The next argument often provided to counter this line of reasoning says that god knows what every person will choose beforehand, but the person does not; the person is still making a choice. That is oddly tautological. Whatever we choose, our choice is according to god's plan because we chose it! But if god already knows what we will choose, already knows the outcome of every choice, that is not free will, only the cruel illusion of free will. The choice was already made at the beginning of time, meaning there never was any choice.
In the face of human tragedy, only three scenarios are possible, and none bodes well for prayer or god-granted free will. One, god knew beforehand the outcome, and did nothing to prevent the calamity; two, god knew beforehand, but could do nothing to change the outcome, or three, god did not know and therefore could not change the outcome. From these three possibilities we must come to a conclusion that is irrefutable: in a world in which evil and suffering exist, god is either all powerful and is responsible for that evil and suffering, through design or neglect, or god is benevolent but not all-powerful. Nothing else is logically possible, other than the conclusion that god does not exist. With evil in the world, an all-powerful god cannot be benevolent. Whether god's power is diminished either as an original state of being or as a consequence of voluntarily relinquishing his power to human free will, the effect is the same. If god is benevolent and not culpable of evil, he has no control over evil. If god is not evil, he cannot alter our fate no matter how fervently we entreaty him to intervene on our behalf.
That conclusion yields an obvious and terminal problem for prayer. If your spouse is seriously ill, you pray to god to save your mate. Why? If god is all-powerful, he would already known the fate of your spouse, and your prayers would be for naught. Whether you prayed or not, your mate's fate is already sealed, pre-ordained, for better or worse, by the all-powerful god. Plus, since an all-powerful god must be evil, since he is responsible for everything in the universe, including evil, he might take joy in your suffering, since he as allowed so much grief to visit the human condition long before your spouse became ill.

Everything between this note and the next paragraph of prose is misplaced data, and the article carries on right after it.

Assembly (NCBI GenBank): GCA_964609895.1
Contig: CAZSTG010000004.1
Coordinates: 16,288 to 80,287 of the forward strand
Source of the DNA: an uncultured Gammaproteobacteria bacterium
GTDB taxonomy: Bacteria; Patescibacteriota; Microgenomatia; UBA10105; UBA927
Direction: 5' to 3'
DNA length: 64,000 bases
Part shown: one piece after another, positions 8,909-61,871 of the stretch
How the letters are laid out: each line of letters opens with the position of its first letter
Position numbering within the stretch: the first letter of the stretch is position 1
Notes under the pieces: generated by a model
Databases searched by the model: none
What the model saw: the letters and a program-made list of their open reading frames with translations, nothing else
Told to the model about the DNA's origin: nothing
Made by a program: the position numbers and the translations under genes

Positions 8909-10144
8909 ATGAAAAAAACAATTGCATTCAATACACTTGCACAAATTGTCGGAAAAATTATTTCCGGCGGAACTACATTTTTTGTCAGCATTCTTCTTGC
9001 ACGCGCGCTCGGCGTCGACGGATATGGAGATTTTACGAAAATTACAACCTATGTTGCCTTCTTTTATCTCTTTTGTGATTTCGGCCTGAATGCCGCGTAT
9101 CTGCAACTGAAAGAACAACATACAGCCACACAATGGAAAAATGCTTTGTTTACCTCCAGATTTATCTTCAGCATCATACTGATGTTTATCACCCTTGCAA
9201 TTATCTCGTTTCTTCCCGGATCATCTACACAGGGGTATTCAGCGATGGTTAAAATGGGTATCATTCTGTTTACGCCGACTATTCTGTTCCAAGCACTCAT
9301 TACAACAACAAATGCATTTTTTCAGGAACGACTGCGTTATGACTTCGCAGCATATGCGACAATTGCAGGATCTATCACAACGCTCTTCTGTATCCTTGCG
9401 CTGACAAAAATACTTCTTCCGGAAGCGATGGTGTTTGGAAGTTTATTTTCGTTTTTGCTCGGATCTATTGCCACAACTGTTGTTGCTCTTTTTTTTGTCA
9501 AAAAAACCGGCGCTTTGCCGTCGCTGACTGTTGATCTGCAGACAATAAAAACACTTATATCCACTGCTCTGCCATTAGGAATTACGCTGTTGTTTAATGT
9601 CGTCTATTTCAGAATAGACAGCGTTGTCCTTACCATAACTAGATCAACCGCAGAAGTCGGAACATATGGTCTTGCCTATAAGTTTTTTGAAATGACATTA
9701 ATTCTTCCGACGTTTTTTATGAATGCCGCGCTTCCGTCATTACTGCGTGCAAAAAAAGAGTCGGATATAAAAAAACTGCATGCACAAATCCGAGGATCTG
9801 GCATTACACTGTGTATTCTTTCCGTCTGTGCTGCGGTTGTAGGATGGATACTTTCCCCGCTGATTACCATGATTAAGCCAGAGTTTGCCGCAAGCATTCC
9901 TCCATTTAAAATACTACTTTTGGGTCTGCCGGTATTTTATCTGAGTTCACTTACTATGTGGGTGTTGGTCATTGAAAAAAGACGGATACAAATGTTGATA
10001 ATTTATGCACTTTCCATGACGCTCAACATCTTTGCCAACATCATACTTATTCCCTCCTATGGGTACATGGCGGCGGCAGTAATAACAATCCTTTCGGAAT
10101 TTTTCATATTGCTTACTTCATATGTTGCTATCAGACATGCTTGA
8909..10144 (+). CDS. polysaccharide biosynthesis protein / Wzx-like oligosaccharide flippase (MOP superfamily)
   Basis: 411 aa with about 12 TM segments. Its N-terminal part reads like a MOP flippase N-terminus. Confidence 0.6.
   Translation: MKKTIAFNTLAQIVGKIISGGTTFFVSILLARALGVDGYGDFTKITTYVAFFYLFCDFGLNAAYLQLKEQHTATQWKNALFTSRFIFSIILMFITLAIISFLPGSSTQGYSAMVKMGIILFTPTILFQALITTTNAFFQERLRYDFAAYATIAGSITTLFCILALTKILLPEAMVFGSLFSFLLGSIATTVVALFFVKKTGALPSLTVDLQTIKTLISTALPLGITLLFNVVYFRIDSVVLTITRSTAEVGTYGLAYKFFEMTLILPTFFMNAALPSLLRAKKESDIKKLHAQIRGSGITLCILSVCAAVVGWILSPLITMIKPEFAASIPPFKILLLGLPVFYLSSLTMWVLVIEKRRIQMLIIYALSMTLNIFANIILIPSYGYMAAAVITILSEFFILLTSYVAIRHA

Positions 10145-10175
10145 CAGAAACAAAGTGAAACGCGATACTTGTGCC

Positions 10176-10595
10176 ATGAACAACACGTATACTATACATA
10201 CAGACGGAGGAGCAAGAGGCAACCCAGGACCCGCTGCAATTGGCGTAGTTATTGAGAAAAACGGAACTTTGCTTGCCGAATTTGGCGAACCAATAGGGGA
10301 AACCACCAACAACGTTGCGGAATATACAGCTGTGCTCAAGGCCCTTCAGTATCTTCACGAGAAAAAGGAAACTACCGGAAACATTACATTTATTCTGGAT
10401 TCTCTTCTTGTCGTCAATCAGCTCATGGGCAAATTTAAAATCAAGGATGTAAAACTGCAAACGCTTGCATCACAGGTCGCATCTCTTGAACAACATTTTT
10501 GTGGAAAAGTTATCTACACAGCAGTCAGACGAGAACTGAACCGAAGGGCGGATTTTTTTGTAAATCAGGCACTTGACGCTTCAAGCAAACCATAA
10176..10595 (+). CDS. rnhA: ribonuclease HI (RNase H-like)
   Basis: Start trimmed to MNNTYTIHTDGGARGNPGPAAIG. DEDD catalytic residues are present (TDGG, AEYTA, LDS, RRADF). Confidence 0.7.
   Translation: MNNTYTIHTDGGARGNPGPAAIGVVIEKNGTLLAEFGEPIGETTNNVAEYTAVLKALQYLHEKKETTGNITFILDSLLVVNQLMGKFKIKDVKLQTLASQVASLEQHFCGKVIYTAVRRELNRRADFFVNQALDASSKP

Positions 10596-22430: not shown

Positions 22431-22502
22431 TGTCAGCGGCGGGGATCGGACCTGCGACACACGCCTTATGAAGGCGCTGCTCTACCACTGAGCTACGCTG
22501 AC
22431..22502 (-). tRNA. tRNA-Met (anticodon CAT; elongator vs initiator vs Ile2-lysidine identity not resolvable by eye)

Alternatively, if god is benevolent, he is not responsible for the evil and suffering in the world, meaning he has diminished powers since forces exist in the universe for which he has no responsibility and no hand in their creation. You would be praying to a being without the ability to control human fate, rendering the prayer useless. If god has no control over evil, praying to him to stop evil and suffering makes no sense. Prayers to an all-powerful and evil god are futile; prayers to a benevolent god are useless. Yet believers like Mr. Pitts know that god exists and that prayer is viable, while claiming to be comfortable with not knowing. That glaring contradiction gives lie to any assertion of open-mindedness when "god" is always the answer instead of "I don't know."
A belief in god trumps all claims to uncertainty because god is always the answer. "I don't know how god works" is not equivalent to "I don't know." We should not confuse the two.
Jeff Schweitzer is a scientist, former White House senior policy analyst and author of 'Beyond Cosmic Dice: Moral Life in a Random World' <(Jacquie Jordan, Inc). Follow Jeff Schweitzer on Facebook.